St. Petersburg, Florida — UPDATE: Monday morning, spokesman for All Children's Hospital tells 10 News that Briell was treated and released from the hospital into the care of her parents Sunday.
A four-month-old baby girl left in the back of a hot car for three hours yesterday is expected to be OK.
10 News was the only outlet to speak with family members about what they say was a tragic accident.
Natasha Graver's oldest son told us she was in a rush yesterday trying to get all of her kids squared away before she went to the funeral for the three mothers killed in last month's hit-and-run crash.
The 32-year-old Graver was, quote, "really shocked" her son told us. He said it was almost like she had a heart attack when she realized her daughter was still in the back seat.
This morning a 4-month old St. Petersburg girl is recovering after police say her mom forgot her in their hot van, not once, but twice.
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Police say Graver found her four-month-old hours after the funeral and after she'd driven back home.
Neighbors say they can't imagine how something like this could have happened.
"Basically that's it. The baby could have died," said neighbor Tasha Johnson who lives across the street.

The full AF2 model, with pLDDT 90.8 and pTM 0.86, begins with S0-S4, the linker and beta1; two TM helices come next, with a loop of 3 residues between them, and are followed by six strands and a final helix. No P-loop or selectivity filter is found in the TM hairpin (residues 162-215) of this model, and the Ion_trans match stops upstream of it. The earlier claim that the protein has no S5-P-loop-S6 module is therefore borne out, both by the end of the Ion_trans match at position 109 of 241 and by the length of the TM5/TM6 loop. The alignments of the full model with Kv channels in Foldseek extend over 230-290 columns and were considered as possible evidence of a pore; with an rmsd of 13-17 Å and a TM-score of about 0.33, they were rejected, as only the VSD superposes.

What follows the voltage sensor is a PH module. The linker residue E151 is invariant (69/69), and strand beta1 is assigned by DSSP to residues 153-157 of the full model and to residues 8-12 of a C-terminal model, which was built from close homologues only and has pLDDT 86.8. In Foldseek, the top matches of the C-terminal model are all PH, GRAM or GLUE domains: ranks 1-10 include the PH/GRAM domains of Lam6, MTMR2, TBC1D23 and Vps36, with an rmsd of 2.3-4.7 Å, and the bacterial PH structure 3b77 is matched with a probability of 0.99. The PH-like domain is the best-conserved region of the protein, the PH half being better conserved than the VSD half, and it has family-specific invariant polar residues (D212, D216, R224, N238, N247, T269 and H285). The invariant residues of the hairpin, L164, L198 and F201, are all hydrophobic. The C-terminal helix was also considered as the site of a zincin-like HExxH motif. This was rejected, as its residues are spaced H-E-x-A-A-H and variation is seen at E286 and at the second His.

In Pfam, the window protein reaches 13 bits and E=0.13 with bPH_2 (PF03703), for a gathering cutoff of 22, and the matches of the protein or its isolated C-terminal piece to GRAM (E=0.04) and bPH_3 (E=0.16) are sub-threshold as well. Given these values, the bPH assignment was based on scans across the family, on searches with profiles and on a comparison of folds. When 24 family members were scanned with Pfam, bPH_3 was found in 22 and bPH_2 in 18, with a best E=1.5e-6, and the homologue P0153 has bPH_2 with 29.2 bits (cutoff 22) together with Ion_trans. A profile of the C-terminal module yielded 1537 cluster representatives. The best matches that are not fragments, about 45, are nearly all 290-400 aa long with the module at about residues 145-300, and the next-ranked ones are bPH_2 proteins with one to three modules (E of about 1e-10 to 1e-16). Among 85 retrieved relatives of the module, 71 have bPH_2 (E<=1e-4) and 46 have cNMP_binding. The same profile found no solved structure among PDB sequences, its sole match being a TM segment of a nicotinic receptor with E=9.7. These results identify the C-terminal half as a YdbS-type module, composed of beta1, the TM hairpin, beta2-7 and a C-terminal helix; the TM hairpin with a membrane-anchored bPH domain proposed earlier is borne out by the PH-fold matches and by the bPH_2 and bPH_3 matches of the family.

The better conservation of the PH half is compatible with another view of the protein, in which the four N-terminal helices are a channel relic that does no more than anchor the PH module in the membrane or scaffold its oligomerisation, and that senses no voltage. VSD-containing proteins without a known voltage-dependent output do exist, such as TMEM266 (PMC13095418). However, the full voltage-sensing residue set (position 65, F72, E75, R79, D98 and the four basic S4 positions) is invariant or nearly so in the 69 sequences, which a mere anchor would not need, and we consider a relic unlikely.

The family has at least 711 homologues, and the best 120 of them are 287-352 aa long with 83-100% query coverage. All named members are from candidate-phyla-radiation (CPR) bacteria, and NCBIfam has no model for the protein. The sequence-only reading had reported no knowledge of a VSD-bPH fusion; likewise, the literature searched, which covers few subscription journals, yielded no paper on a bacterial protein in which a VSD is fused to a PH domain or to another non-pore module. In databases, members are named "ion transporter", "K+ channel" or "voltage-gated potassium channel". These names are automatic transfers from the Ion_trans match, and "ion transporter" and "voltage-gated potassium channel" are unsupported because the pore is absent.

St. Petersburg police said Graver's car windows were rolled up tight. Natasha's four-month-old daughter Briell was strapped into the car seat in the back and left for three and a half hours as the temperature rose before she was found unconscious.
"That's a long time, three hours? Wow," neighbor Antonio Welch said.
Related Story: Educating parents to never leave children in hot cars
But Graver's son says he's thankful his mom found the baby in time.
The four month old Briell was taken to All Children's Hospital and is expected to recover from heat exposure.
But that fear is something the Graver family won't soon forget.
Natasha's son told us he was worried yesterday because he knew his sister, who loves to laugh, could have passed away.
Natasha Graver was arrested and charged with child abuse, but has since been released on bond.
Fire Rescue urges parents to A.C.T:
A: Avoid heatstroke. Never leave you kid in a car even for less than a minute!
C: Create reminders. Fire Rescue likes the "shoe left in the back with your child" reminder; that way you will look for your shoe when you get out of your car; and
T: Take action! Call 911 when you see a child left inside a vehicle even if the windows are down.
For more information, visit http://www.safekids.org/safetytips/field_risks/heatstroke